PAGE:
Securely capturing process-related CO2 quantities and making use of them – this is the goal of the EU CLEANKER Project, in which the Verein Deutscher Zementwerke e. V. (VDZ) and its research institute VDZ Technology gGmbH are involved. 13 partners, including universities, companies and NGOs, are working in an Italian pilot plant using the integrated calcium looping process to create the basis for more climate-friendly cement production.

The cement industry is one of the most CO2-intensive industrial sectors – not only because of the fuels required, but also because of the material-bound CO2 quantities. 60 per cent of the total amount of CO2 is generated just during the calcination of limestone as a result of of the process used. The EU "CLEANKER" (CLEAN clinKER) project, a funding recipient from HORIZON2020, is testing the integration of calcium looping (CaL) in the production process as a method for separating carbon dioxide (CO2). This CO2 capture process will be industrially tested in a demonstration plant in a cement factory in Vernasca, Italy, with the aim to achieve a consistent clinker quality.

Innovation: Integrated Calcium Looping

Carbon capture, utilisation and storage, or CCUS, is regarded as an important approach to prevent the climate impact of unavoidable amounts of CO2 produced by industrial processes. The aim of the project is to create a basis for this by capturing a highly concentrated CO2 gas stream. The calcium looping process will no longer be applied as a post-combustion technology, i.e. after the production process, but will instead be integrated into the process. The concept also envisages the use of the oxyfuel combustion process with pure oxygen instead of air in the calciner. This integration saves energy and offers special potential for the cement industry, since the sorbent quicklime (CaO) used for this purpose also serves as an essential raw material component for cement production.

The integrated calcium looping process is a promising technology for CO2 separation that can help the cement industry to achieve the desired greenhouse gas neutrality and meet the politically desired climate targets in the future.

Dr Volker Hoenig; Managing Director, VDZ Technology gGmbH

90 %

of the process-related CO2 is captured

Further links and downloads
Schematische 3D-Darstellung der Pilotanlage am Vorwärmer in Vernasca, Italien.

Caption: Schematic 3D view of the pilot plant at the preheater in Vernasca, Italy. Reference: IKN GmbH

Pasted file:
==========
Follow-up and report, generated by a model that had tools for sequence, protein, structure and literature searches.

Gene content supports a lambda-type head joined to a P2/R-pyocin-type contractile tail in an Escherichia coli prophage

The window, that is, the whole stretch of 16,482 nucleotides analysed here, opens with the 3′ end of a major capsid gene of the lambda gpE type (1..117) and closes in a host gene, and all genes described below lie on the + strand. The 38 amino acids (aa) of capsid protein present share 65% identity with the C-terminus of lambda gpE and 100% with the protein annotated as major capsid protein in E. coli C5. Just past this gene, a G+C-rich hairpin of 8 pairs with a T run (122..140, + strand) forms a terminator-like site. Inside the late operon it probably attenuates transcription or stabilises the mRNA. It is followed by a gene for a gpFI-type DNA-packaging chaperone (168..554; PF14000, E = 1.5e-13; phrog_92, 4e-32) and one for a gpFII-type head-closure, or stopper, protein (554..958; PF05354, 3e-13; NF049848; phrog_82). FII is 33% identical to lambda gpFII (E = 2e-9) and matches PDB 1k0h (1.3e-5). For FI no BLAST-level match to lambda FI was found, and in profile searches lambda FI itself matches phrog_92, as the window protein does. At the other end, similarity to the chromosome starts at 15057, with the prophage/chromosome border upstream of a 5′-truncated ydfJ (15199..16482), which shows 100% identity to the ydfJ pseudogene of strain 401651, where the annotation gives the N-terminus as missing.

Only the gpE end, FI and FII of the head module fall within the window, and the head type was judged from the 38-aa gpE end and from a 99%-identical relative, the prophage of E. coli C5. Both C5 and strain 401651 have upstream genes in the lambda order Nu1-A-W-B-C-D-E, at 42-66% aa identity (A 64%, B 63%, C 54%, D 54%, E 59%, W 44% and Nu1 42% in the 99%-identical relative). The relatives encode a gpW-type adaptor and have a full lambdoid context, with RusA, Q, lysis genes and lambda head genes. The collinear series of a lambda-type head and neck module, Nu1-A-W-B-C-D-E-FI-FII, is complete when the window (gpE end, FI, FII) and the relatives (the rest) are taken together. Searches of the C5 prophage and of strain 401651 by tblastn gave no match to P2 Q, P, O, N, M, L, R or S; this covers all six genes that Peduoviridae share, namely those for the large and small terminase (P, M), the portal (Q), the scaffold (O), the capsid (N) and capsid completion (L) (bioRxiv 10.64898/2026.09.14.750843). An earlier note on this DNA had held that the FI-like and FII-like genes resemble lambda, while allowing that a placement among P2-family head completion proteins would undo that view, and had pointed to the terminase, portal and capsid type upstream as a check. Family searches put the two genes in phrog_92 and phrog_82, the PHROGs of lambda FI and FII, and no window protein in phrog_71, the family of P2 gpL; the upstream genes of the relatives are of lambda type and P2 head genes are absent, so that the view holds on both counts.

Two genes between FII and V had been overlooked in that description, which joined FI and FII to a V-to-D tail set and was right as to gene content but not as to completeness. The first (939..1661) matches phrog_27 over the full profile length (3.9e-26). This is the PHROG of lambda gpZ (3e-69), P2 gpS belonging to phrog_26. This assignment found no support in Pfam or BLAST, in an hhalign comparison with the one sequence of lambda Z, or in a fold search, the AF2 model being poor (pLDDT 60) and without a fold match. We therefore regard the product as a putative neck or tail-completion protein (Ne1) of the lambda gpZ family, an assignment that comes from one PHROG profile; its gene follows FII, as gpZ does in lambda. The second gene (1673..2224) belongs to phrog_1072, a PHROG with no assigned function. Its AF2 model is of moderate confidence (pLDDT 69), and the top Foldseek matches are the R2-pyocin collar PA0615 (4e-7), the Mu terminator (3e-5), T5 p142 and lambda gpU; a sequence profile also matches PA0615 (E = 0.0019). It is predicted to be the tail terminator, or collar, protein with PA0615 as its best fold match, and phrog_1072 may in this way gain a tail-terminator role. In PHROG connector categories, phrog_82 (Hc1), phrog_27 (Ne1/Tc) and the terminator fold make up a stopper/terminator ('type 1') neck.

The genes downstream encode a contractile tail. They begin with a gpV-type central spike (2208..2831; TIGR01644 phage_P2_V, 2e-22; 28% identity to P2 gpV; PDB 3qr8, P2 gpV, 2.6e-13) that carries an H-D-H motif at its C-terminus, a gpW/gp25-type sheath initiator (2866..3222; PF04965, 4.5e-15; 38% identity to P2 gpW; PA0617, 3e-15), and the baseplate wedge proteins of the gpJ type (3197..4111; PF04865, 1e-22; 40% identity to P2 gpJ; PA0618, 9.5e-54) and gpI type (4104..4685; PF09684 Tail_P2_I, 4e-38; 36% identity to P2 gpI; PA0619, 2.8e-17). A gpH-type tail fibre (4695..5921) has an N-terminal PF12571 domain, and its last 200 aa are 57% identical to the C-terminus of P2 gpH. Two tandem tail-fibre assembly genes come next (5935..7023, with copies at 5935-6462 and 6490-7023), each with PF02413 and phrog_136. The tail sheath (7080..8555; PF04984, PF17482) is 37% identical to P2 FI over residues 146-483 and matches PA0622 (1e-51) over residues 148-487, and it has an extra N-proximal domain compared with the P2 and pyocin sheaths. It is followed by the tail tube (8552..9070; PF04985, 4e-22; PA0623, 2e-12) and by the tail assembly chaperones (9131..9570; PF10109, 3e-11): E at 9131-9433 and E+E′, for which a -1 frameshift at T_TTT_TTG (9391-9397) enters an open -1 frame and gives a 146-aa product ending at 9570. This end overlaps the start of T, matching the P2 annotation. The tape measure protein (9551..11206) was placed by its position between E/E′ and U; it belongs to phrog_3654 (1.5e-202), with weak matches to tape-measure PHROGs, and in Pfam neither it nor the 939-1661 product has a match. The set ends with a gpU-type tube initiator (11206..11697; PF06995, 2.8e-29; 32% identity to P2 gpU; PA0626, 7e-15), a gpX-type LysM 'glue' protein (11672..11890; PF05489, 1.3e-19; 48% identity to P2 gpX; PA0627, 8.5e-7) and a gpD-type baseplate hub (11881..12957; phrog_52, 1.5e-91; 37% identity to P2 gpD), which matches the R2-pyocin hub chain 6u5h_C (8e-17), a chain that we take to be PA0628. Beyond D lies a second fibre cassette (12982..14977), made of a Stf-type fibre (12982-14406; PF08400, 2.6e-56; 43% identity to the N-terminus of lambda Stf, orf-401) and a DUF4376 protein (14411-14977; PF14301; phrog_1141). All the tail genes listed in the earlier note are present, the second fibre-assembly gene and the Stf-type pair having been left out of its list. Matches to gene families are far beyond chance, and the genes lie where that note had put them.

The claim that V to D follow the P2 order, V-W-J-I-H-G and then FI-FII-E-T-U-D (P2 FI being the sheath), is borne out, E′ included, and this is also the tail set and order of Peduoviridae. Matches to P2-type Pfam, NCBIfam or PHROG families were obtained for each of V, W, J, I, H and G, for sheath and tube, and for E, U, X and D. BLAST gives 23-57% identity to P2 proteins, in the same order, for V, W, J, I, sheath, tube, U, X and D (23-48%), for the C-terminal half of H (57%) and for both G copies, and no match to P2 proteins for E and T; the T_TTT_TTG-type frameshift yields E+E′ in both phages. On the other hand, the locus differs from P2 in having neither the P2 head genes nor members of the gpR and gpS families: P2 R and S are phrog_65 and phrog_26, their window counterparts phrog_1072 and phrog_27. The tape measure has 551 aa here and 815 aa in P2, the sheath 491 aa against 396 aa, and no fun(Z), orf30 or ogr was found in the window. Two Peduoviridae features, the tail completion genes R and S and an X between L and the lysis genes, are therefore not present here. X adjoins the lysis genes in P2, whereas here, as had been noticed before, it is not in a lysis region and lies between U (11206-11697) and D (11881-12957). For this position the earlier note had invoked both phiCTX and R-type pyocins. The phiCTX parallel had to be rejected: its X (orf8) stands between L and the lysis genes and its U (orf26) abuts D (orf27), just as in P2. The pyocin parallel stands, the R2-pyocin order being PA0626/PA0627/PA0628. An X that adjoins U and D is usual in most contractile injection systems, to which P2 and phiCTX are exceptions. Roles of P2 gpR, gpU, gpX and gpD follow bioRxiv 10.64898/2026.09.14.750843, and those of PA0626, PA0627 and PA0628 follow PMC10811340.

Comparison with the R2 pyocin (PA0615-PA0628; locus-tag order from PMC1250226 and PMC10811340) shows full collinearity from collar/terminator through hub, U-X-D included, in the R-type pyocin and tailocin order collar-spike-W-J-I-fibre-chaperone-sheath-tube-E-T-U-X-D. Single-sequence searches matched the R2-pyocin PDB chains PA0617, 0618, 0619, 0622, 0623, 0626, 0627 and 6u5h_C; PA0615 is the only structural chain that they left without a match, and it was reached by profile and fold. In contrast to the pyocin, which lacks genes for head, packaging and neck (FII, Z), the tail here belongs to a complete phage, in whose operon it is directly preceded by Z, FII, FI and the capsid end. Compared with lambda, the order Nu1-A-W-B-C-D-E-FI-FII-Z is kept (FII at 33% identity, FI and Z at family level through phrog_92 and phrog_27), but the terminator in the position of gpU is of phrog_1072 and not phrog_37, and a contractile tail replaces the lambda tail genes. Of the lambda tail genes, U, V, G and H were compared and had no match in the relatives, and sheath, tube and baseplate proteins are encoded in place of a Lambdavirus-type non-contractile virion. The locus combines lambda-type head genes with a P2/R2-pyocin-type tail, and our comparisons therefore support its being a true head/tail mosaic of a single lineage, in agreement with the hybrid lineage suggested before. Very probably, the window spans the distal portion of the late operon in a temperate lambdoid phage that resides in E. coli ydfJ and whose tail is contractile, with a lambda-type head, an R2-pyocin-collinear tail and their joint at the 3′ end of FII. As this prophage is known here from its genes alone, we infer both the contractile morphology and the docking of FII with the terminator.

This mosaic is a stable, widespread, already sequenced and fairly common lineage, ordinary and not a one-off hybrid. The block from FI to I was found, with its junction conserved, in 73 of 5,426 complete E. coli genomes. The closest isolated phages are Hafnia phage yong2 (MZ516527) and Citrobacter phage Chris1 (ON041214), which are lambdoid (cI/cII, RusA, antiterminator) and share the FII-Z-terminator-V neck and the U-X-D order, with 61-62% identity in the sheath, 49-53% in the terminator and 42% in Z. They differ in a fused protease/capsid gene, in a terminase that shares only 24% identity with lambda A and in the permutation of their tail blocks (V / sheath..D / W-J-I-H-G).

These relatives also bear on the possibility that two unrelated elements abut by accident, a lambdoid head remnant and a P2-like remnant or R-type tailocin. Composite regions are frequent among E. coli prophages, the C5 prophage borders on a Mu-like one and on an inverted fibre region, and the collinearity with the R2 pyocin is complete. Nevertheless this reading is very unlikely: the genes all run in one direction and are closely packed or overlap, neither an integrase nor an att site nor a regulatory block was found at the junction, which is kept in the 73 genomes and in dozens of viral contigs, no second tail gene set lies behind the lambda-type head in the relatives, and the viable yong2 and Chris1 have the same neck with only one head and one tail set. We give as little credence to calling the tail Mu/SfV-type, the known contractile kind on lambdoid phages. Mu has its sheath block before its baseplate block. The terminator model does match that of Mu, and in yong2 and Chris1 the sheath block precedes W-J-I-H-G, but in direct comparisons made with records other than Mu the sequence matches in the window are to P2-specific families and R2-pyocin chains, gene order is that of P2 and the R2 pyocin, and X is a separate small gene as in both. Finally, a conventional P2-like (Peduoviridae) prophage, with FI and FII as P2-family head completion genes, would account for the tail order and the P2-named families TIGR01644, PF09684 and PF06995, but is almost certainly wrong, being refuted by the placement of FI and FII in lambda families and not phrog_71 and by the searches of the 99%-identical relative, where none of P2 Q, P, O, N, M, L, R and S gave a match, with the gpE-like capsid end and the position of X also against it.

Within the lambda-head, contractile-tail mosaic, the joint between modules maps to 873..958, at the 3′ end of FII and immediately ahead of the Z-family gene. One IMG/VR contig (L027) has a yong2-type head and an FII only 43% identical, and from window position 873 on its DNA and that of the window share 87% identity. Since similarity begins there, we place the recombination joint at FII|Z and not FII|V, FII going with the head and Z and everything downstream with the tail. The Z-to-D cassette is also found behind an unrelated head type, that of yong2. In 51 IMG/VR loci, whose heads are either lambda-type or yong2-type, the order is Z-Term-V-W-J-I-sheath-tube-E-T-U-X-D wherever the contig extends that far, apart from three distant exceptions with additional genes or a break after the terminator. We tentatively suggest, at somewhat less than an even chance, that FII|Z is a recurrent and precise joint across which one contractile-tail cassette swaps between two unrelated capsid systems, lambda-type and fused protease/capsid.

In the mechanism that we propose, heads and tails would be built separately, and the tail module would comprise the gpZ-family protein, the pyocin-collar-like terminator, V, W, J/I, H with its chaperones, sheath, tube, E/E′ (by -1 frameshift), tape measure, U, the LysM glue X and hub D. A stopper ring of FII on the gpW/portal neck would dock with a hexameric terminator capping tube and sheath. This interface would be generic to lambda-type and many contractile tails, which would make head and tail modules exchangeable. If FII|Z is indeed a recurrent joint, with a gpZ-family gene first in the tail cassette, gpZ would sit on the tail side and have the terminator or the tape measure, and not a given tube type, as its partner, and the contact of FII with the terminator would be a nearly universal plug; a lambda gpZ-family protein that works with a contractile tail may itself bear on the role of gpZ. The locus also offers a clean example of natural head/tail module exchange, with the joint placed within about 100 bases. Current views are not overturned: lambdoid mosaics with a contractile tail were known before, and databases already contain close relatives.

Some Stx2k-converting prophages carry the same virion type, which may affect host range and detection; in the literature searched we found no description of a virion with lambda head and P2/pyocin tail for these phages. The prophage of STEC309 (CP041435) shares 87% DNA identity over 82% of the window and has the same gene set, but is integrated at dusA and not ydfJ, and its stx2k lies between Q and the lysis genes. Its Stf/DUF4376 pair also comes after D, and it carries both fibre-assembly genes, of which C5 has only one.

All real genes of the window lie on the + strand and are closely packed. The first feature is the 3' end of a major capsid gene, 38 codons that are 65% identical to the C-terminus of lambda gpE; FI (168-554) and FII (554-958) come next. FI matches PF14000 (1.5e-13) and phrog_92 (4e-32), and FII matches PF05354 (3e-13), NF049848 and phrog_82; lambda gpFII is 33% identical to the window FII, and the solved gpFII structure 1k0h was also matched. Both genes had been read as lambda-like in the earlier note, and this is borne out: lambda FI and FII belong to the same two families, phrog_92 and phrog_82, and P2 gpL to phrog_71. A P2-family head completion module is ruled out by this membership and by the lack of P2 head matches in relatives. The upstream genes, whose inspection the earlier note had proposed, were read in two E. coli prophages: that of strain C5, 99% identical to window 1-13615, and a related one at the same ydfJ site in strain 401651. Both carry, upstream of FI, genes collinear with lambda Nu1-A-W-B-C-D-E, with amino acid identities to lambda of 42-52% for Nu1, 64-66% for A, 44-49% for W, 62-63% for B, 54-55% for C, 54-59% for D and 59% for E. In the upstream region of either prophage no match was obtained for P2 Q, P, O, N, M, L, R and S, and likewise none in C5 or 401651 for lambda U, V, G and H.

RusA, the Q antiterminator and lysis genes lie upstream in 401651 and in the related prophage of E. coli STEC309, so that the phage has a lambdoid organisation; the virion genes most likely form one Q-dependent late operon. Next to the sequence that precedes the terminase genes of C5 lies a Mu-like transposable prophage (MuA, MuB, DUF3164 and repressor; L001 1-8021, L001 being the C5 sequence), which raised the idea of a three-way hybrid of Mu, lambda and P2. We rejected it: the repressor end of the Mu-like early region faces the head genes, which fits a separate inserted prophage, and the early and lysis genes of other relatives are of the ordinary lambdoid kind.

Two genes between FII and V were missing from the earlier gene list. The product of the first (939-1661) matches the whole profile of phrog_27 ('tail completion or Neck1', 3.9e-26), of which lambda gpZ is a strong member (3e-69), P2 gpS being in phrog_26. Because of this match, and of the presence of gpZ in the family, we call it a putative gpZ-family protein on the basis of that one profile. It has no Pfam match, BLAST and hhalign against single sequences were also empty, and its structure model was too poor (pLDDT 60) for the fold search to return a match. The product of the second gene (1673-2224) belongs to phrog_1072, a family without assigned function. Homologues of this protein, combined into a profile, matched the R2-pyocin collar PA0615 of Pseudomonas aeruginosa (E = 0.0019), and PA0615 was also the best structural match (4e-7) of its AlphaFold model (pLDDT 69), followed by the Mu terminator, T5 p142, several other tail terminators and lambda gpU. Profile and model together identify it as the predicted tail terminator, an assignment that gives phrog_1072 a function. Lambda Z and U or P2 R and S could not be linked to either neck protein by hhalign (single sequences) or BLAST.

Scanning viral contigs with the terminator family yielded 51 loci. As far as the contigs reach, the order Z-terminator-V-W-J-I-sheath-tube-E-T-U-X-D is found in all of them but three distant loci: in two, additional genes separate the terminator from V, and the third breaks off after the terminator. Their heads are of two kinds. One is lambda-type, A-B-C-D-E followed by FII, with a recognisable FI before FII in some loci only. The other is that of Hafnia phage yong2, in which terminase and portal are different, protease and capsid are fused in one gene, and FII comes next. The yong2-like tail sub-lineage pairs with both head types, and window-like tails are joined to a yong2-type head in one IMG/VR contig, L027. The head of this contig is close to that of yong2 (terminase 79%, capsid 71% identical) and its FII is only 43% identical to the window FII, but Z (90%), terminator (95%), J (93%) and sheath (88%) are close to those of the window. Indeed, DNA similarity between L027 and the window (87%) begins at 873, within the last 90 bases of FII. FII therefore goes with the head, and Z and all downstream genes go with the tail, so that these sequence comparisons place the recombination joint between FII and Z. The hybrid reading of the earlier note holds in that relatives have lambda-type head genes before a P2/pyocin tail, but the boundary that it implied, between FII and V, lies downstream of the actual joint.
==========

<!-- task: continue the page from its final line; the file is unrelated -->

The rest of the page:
Schematische 3D-Darstellung der Ausrüstung der Pilotanlage in Vernasca.

Schematic 3D view of the equipment of the pilot plant in Vernasca. Resource IKN GmbH

Aussicht der Pilotanlage am Vorwärmer.

View of the pilot plant at the preheater. Reference: L.E.A.P.

Aussicht der Pilotanlage am Vorwärmer.

View of the pilot plant at the preheater. Reference: L.E.A.P.

Aussicht der Pilotanlage am Vorwärmer.

View of the pilot plant at the preheater. Reference: L.E.A.P.

Schematische Darstellung der Pilotanlage in Vernasca, Italien.

Schematic view of the pilot plant in Vernasca, Italy. Reference: Politecnico di Milano

Efficiency: Purest possible CO2 exhaust gas

The concept for the integration of CaL in the demonstration plant provides for two process steps: First, CO2 is separated from the exhaust gas stream in a carbonator by binding to CaO. This is followed by calcination, a combustion process using oxyfuel technology, in which the reaction product calcium carbonate (CaCO3) is converted back into gaseous CO2, solid CaO and water vapour. This generates the purest possible CO2 exhaust gas stream, which contains both the raw material and fuel-related CO2 quantities. Most of the CaO is recycled back into the carbonator and a small partial stream is fed into the rotary kiln for clinker production. The separated CO2 is brought to the desired purity in a treatment plant. Some of the excess heat released during CO2 integration is recovered. This allows approximately 4,000 cubic metres per hour to be treated in the demonstration plant and the CO2 to be separated.

Effect: Emission reduction                                                                                                                                  

Over the long term, the process integrated into the clinker burning process is expected to capture 90 per cent of the resulting CO2 volumes – both raw material and fuel-based process emissions. Other industries can use the CO2 obtained this way as a raw material. Geological storage is also possible. This would prevent the climate-damaging greenhouse gas from escaping into the atmosphere. In a previous EU research project CEMCAP, in which VDZ participated, costs for capture were estimated at around 60 euros per tonne of CO2. The aim of the demonstration project is now to continue to significantly reduce these costs. The additional electrical energy required for production should therefore be limited to less than 20 per cent and the additional costs for CO2 capture to less than 25 euros per tonne of cement. Once the technology has been demonstrated, further technical and economic analyses will investigate how the technology can be transferred to other existing plants.

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Dr. Volker Hoenig

Managing Director, VDZ Technology gGmbH

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